His standing among teammates is unquestioned, making his future in Denver all-the-more crucial. Those same teammates will likely watch what happens with great interest.
"He is -- we all think it -- and you've heard me say it, one of our best players, if not our best player," safety Justin Simmons said.
What the Broncos do with Surtain in the coming months will signal if the organization's decision-makers agree with the locker room.
By May 2, the Broncos will need to exercise the fifth year of Surtain's rookie deal and could also enter talks for a long-term extension.
"We're all big fans of Pat,'' Broncos general manager George Paton said at the end of the season. " ... We want Pat here for a long time, but I'm not prepared to make any statements on anything moving forward.''
Since the Broncos have made so many trades in the wake of the turnover among the coaching staff -- Sean Payton is the third head coach since the start of 2019 -- as well as changes at general manager and ownership over the last three years, the team has not made a first-round pick since Surtain was selected ninth overall in the 2021 draft. He is also the only Broncos' first-round pick on defense and one of just three of their own first-rounders on the roster.
Because he has been selected for two Pro Bowls in his first three seasons, Surtain is eligible for a fifth-year option that projects to be a fully guaranteed $18.65 million for the 2025 season. Once the Broncos formally engage that option they could continue to work on a long-term deal.
If for some reason the Broncos chose not to engage the option -- as occurred with tackle Garett Bolles before they eventually signed him to a long-term extension in 2020 -- Surtain would be scheduled to be a free agent after the 2024 season.
The future use of a franchise tag could loom even as Surtain and his representatives watch how things go with the Broncos, who will have salary-cap restraints over the next two years as well as uncertainty at quarterback if Russell Wilson is released.
"I just focus on what I can control to prepare myself,'' Surtain said. "I'm always going to work on my game, work on my techniques, I want to be the best I can at what I do. Accolades are great and I respect them, but I really just want to be the best player I can and everything else comes with that.''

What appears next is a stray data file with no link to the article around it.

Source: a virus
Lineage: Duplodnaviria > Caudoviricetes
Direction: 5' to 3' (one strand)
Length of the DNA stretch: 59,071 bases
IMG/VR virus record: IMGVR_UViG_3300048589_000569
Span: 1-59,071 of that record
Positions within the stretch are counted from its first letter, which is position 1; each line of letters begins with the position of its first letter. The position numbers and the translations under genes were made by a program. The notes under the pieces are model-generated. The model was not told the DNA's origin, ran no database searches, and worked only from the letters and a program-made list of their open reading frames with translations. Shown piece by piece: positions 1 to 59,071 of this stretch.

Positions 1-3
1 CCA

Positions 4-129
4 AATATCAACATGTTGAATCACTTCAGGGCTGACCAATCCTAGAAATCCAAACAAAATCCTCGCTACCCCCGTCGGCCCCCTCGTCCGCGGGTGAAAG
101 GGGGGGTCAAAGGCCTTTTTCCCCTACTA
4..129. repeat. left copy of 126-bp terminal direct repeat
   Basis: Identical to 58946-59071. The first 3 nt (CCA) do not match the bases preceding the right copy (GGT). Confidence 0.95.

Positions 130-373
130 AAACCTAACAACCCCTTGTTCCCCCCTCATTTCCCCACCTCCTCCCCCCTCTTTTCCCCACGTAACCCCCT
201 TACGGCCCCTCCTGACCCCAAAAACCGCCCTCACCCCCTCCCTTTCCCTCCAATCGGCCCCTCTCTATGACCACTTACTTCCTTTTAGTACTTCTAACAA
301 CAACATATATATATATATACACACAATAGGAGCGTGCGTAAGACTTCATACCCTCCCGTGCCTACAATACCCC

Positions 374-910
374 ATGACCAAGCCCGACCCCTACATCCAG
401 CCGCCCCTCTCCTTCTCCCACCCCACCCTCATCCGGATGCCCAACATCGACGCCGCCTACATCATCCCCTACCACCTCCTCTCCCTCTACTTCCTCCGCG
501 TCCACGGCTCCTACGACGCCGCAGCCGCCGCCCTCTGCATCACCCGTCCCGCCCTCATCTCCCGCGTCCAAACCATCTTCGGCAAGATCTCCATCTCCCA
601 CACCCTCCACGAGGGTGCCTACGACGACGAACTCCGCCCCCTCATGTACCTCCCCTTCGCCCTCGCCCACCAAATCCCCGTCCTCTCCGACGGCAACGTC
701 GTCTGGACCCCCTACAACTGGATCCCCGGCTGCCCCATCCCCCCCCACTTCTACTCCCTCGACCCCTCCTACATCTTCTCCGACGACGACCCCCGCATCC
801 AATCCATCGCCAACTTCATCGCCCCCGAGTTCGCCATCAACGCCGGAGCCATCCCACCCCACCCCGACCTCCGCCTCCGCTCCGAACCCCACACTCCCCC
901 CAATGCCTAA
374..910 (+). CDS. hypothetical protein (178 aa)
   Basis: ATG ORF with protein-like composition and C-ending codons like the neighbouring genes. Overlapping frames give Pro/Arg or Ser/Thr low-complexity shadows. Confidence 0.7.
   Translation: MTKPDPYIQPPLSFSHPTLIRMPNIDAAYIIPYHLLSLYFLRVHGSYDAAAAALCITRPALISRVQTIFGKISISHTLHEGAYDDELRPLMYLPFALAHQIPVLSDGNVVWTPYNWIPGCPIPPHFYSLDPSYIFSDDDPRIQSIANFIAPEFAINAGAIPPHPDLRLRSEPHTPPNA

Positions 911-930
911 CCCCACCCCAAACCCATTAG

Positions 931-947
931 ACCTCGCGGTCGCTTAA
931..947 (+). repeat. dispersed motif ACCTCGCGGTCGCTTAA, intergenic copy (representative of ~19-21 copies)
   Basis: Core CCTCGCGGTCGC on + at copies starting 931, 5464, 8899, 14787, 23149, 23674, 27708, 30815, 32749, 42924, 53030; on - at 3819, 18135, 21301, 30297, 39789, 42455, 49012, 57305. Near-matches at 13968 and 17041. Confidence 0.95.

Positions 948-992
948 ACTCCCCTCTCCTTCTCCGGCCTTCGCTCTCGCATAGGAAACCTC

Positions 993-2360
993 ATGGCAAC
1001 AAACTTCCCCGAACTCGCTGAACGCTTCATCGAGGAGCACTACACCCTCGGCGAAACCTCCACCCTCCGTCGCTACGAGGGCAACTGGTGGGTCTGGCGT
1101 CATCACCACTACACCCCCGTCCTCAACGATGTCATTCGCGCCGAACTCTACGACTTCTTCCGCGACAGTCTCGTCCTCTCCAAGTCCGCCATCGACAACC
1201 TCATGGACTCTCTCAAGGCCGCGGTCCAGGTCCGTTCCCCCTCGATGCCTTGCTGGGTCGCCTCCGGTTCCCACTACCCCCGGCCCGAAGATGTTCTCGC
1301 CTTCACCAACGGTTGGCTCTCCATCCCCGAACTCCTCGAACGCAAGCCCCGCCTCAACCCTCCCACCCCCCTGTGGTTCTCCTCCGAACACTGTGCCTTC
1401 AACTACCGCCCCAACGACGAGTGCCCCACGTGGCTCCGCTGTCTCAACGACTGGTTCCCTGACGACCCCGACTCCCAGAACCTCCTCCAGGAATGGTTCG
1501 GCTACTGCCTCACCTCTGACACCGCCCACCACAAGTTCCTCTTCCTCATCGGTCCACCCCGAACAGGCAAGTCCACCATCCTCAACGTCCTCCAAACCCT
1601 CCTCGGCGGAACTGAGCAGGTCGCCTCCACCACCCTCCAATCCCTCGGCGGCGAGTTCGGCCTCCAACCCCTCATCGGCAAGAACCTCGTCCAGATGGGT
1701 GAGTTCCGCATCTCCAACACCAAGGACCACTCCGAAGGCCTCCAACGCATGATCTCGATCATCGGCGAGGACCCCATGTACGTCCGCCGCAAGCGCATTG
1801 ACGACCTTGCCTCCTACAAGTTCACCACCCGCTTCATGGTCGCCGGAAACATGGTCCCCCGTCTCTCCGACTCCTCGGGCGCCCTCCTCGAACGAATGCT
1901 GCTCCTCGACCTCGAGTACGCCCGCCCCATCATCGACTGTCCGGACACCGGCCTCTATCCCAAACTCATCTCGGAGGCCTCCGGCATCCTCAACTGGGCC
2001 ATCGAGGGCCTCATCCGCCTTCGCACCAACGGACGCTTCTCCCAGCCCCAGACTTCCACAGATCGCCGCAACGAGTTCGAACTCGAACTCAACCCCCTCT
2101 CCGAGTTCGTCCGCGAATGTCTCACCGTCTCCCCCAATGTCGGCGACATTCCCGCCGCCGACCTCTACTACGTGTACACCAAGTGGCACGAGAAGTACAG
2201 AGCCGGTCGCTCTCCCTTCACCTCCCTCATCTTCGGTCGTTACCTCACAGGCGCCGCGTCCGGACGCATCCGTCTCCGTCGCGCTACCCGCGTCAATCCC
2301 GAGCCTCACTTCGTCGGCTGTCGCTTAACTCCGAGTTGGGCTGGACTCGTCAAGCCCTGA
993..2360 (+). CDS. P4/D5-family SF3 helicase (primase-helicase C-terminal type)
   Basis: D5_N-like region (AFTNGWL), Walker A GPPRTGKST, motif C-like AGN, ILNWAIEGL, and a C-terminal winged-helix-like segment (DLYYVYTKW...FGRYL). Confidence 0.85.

Finding a cornerback to start opposite of Surtain is also going to be key. Paton and Payton met with the coaching staff, scouts and pro personnel evaluators last week to review the depth chart as well as team needs before the scouting combine opens next week in Indianapolis.
Defensive coordinator Vance Joseph benched Damarri Mathis, a fourth-round pick in 2022, after the Broncos' Week 7 loss to the Kansas City Chiefs and Fabian Moreau started the final 11 games opposite of Surtain. Moreau, who will turn 30 in April and had been a late arrival to the Broncos as an August signing, is scheduled to be an unrestricted free agent.
The Broncos used a third-round pick on cornerback Riley Moss last April, but Moss missed virtually all of training camp with a core muscle injury and played just 23 snaps on defense in the 14 games he played.
Beyond quarterback, that cornerback opening on the depth chart is one of the most glaring as free agency and the draft approach. Joseph is cautious about "the balance of having a player like Pat and the knowledge the quarterbacks are going to avoid him -- and they are really going to avoid him if you don't have a plan about how you play or who you have opposite of him.''
With the 12th pick in the first round this year, the Broncos would be in position to grab one of the top cornerbacks on the board. Alabama's Terrion Arnold, Toledo's Quinyon Mitchell, Clemson's Nate Wiggins and Iowa's Cooper DeJean are among those defensive backs who project into the top 20 picks.
"I've always said you can never have enough corners now,'' Joseph said at season's end. "That's the way the league is, how you affect quarterbacks in the rush and coverage is everything now. Fitting Pat into that is always going to be one of the most important things we do.''